Rick: Elizabeth, that obviously complicates the issue not only to the user, in which case it increases the risk of death, but also to the physician. This presents novel health risks and also public health challenges, because one has to deal with not only with the naloxone, but also with the stimulants.

Elizabeth: So what do you do?

Rick: Well, Elizabeth, it would depend primarily on what the presenting symptoms are. If they are respiratory depression, you treat that initially with naloxone. The stimulants, however, can have other side effects. They can increase the risk of stroke or heart attacks, or increase the blood pressure or heart rate. Those may need to be dealt with at the same time. Very complicated. Unfortunately, you highlighted the fact that it increases substantially and disproportionately affects racial/ethnic minority communities as well. Again, a public health crisis that needs attention.

Elizabeth: Since we’re talking about drugs, let’s turn to Nature Medicine because this is a report utilizing the frequently illicitly used drug MDMA as a treatment for moderate-to-severe post-traumatic stress disorder. Which is interesting, isn’t it? We have many examples of that including psilocybin recently.

This is actually a phase III trial. It enrolled folks with, as I said, moderate-to-severe PTSD and administered half of them about with this MDMA therapy. The other half got placebo. This was also concomitant therapy with a trained therapist who was going to be present for this. About 27% of their people had moderate PTSD and 73% had severe PTSD. It also turns out that they had this condition for about 16 years, which seems really excruciating to me to be dealing with PTSD for that long.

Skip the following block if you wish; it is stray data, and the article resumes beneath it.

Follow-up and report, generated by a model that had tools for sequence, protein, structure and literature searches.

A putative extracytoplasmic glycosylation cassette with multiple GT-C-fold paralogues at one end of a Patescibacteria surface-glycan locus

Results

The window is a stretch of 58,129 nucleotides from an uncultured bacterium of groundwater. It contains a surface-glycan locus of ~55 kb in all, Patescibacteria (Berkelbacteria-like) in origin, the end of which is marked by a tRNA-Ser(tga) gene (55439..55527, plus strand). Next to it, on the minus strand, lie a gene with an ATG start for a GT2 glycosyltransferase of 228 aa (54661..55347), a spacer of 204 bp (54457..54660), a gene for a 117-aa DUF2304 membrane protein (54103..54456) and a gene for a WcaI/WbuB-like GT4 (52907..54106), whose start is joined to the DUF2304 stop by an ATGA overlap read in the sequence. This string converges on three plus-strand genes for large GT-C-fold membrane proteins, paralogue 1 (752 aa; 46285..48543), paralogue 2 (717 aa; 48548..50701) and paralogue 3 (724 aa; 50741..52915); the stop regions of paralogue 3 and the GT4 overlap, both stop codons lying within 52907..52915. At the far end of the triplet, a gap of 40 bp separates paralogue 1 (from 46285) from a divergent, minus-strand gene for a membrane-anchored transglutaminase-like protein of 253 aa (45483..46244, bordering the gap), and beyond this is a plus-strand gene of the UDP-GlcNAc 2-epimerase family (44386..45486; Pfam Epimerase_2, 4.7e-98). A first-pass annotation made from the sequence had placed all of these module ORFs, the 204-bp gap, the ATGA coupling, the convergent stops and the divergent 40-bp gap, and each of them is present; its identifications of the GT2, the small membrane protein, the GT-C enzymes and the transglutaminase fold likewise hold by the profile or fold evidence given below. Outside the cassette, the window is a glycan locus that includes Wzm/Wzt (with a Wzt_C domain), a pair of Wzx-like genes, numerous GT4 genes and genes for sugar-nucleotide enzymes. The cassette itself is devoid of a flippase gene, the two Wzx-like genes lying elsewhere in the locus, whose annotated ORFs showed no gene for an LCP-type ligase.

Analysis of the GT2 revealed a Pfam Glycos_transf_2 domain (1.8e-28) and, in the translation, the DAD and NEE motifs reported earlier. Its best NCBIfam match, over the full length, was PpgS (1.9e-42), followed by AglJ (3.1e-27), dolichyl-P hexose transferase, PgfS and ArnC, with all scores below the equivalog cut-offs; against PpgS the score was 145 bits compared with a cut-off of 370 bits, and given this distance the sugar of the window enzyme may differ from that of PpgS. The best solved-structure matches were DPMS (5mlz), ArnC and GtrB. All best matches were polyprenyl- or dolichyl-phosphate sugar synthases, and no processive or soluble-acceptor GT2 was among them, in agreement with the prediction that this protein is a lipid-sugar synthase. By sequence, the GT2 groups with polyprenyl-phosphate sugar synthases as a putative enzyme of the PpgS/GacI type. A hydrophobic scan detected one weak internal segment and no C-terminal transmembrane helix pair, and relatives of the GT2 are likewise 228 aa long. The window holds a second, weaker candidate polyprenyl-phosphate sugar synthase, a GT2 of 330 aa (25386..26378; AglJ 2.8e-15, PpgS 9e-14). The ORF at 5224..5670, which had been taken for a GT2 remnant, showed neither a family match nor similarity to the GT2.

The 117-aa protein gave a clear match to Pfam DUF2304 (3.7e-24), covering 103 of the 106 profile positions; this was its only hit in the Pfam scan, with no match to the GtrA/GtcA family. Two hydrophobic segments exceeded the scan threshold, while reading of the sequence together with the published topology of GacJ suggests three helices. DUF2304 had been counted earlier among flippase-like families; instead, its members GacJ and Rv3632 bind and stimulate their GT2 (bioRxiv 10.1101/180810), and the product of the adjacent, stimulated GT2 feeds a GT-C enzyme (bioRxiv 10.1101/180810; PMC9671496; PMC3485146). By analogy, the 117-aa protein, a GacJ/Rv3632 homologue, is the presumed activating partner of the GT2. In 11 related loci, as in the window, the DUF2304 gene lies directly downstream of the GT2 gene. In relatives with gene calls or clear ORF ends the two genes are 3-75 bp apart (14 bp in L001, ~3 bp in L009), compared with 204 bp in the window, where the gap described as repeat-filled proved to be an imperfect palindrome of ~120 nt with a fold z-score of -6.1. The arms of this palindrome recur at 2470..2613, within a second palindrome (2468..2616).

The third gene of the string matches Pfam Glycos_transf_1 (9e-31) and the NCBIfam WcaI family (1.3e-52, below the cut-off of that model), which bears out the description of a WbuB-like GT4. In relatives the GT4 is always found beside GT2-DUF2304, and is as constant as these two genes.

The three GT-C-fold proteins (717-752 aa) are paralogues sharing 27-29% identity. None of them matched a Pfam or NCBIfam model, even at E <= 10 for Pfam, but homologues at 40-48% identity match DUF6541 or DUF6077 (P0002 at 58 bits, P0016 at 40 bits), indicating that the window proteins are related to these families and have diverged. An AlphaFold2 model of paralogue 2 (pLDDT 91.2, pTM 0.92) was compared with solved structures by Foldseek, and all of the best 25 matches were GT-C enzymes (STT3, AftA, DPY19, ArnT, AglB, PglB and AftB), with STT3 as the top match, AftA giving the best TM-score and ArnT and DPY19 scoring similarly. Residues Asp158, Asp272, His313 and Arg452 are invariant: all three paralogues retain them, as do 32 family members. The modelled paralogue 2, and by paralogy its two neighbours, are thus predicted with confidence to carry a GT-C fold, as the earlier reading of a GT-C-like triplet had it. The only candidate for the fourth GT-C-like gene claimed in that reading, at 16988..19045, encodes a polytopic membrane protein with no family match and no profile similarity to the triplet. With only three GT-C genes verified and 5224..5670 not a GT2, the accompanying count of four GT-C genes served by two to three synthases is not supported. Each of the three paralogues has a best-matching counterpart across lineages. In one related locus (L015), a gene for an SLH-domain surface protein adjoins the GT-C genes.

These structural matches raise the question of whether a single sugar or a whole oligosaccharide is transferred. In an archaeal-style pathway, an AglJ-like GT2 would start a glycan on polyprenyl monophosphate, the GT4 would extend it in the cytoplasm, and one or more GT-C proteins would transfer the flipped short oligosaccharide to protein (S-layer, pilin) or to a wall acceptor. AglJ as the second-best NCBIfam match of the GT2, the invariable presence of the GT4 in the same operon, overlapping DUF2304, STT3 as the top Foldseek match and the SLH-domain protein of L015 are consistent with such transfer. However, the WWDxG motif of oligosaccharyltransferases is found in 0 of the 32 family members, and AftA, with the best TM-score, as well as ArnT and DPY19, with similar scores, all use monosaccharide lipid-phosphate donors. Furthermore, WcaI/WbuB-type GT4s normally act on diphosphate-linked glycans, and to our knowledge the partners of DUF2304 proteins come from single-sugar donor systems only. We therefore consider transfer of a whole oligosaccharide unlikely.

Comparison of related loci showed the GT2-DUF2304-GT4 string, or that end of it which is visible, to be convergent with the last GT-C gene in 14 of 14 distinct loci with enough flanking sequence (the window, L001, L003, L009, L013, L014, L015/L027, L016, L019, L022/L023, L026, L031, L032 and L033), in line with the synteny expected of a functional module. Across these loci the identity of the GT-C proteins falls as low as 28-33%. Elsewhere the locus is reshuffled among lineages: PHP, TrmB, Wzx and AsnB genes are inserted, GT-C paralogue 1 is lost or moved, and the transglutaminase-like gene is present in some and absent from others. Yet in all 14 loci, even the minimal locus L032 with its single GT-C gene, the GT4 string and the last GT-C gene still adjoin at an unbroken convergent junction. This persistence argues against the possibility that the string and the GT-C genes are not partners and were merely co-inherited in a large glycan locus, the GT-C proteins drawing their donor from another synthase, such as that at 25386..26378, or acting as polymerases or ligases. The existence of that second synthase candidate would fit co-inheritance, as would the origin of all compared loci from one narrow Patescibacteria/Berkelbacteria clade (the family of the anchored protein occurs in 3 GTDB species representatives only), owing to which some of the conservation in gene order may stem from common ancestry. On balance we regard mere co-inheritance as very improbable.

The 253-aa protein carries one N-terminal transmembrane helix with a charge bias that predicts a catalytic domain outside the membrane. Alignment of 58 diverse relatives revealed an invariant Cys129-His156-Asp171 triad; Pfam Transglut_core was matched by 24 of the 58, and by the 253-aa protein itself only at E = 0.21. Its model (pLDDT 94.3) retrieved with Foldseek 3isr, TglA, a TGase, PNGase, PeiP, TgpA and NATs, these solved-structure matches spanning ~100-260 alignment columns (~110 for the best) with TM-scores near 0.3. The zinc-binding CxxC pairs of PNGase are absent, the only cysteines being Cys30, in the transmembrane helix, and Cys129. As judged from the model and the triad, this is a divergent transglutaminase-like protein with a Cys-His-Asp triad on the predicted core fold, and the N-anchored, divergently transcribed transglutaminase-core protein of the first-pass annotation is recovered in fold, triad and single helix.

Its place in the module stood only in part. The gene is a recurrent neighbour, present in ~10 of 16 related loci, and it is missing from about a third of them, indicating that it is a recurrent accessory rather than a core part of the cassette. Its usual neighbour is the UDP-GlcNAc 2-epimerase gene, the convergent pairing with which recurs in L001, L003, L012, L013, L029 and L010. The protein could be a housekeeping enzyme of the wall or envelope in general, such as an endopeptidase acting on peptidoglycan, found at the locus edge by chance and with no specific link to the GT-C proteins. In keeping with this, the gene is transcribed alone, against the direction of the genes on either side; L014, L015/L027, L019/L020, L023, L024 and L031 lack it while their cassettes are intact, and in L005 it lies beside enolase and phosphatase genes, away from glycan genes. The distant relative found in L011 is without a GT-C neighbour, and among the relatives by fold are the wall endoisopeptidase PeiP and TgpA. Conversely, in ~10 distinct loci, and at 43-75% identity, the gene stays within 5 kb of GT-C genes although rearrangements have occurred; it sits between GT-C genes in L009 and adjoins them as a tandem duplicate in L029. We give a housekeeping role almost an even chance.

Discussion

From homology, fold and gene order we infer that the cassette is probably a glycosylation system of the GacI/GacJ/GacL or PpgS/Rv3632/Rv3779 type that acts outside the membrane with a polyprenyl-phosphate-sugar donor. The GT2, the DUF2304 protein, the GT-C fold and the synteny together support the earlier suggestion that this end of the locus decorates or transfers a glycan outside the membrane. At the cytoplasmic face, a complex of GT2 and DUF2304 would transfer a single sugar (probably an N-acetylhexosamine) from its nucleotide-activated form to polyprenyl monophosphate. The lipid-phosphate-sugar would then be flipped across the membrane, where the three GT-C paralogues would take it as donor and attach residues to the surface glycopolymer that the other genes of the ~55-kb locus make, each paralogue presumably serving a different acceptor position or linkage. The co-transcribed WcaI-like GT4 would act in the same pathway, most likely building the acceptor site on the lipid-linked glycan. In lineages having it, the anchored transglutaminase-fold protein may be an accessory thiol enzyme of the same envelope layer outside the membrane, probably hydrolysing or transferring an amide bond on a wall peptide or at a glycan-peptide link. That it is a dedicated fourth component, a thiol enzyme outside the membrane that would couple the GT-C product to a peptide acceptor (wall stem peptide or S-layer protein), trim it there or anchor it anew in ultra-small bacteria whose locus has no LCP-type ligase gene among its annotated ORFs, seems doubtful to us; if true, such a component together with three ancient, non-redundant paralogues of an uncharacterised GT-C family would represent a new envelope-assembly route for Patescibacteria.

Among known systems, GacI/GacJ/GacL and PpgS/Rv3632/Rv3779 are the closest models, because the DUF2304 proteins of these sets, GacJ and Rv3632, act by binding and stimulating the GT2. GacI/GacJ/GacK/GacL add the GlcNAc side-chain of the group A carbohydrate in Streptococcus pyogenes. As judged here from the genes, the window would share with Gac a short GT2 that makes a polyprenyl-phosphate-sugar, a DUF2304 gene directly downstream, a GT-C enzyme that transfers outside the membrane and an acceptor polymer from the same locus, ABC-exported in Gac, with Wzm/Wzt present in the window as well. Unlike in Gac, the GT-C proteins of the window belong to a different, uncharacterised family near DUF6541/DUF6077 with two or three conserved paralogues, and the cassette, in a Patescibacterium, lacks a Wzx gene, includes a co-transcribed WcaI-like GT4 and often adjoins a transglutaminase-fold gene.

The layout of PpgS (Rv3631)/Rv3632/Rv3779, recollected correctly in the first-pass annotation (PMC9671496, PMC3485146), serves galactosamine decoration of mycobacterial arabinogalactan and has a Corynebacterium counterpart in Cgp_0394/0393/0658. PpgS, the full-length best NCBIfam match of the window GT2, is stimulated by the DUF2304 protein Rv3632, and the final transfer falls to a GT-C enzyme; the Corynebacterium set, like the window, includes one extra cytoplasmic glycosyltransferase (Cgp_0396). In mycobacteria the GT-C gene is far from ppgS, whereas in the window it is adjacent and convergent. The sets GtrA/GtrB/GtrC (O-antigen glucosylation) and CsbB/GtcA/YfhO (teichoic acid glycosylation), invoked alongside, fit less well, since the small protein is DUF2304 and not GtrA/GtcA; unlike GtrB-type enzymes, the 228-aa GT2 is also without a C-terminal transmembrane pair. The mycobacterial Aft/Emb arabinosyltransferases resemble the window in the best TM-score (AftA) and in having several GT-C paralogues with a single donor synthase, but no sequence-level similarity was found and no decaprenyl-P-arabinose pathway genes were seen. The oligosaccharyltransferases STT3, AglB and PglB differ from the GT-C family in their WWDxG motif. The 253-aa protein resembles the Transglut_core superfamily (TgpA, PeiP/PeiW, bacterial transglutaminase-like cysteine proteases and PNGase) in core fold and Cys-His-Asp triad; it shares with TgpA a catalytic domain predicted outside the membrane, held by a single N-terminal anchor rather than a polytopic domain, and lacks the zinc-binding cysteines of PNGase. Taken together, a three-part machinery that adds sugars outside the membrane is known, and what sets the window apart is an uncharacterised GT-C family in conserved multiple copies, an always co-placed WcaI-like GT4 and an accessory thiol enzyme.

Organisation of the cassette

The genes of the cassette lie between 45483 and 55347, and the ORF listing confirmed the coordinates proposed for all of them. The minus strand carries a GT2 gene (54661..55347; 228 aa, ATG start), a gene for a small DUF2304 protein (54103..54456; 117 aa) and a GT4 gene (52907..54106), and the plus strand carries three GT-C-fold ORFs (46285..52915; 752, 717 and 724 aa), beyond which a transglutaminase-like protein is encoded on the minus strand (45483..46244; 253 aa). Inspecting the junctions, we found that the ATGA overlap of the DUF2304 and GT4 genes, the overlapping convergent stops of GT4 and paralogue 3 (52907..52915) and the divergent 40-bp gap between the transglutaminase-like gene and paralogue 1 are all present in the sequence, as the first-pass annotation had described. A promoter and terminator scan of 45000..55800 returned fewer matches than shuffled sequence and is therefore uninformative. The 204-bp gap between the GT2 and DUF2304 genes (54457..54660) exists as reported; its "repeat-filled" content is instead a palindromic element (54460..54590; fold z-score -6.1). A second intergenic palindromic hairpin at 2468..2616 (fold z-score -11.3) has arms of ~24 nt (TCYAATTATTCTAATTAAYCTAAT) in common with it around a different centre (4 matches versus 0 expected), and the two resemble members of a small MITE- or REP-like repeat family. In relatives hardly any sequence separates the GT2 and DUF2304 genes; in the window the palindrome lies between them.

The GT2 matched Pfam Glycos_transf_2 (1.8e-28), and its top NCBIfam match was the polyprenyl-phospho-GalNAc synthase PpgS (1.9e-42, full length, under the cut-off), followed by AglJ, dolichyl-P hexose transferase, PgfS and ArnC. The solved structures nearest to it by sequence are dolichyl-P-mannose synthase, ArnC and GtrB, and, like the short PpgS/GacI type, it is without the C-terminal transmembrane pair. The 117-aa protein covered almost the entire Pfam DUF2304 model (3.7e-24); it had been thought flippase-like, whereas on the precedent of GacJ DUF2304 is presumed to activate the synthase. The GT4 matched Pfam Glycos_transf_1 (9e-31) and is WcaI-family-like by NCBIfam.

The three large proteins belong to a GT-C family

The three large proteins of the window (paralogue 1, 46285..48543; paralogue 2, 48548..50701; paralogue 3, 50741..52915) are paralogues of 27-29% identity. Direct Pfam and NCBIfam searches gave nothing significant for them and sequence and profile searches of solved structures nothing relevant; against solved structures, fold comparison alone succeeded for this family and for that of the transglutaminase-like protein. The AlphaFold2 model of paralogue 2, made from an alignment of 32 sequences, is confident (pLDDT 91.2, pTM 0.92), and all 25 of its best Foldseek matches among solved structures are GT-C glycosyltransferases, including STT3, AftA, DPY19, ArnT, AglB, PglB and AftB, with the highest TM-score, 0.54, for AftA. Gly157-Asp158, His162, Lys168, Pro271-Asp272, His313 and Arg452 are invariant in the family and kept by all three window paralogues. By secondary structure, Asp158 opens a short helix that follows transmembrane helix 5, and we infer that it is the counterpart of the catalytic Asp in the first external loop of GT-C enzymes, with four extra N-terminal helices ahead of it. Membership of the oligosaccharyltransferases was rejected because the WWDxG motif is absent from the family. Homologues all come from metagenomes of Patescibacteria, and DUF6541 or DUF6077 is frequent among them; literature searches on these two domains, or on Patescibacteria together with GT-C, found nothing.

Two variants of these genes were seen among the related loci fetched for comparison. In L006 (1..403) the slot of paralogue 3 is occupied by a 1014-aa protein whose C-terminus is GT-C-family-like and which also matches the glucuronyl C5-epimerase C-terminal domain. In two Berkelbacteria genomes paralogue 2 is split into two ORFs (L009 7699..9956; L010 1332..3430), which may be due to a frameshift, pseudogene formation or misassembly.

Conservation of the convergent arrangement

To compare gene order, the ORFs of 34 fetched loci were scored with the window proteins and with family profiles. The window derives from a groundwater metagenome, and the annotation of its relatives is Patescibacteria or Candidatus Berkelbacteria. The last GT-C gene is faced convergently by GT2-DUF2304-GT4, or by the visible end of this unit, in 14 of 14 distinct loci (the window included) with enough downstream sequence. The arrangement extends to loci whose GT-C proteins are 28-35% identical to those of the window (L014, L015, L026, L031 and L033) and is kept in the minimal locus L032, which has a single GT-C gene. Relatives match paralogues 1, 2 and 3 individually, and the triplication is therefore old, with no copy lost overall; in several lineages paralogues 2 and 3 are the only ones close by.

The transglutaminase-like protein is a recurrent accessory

They found that utilizing different assessments they were able to reduce the symptoms and improve this PTSD for the folks who actually got the MDMA much more than they were with the people who had the placebo. They also found that there were seven participants who had severe treatment-emergent adverse events. There were no deaths or persistent adverse events and so they say, “We advocate for using MDMA in this population.”

Rick: Several caveats. First of all, it’s a fairly small study. There were 53 patients that received MDMA and about 51 that received placebo. Second was, it was a fairly short duration of follow-up. You have to look at what patients were not enrolled in the study — patients with a high suicide risk, those that had other personality disorders, or those that had underlying cardiovascular disease — because the thought is in these particular individuals the MDMA may either increase the risk of suicidality or increase the risk associated with the comorbid conditions, or even cardiovascular disease, because MDMA does increase the heart rate and blood pressure; it did in a not-insignificant number of these individuals as well — usually transient.

I consider this a preliminary study and I think it warrants larger studies to see whether these results are sustained over a long term and whether it really is safe and effective.

Elizabeth: I agree and I think that one daunting statistic in here is that they say that 5% of the U.S. population is experiencing PTSD on a yearly basis. That’s a lot of people. One of the most dangerous types of this is what’s called dissociative. It fortunately does not occur in all that many of the people overall who have PTSD.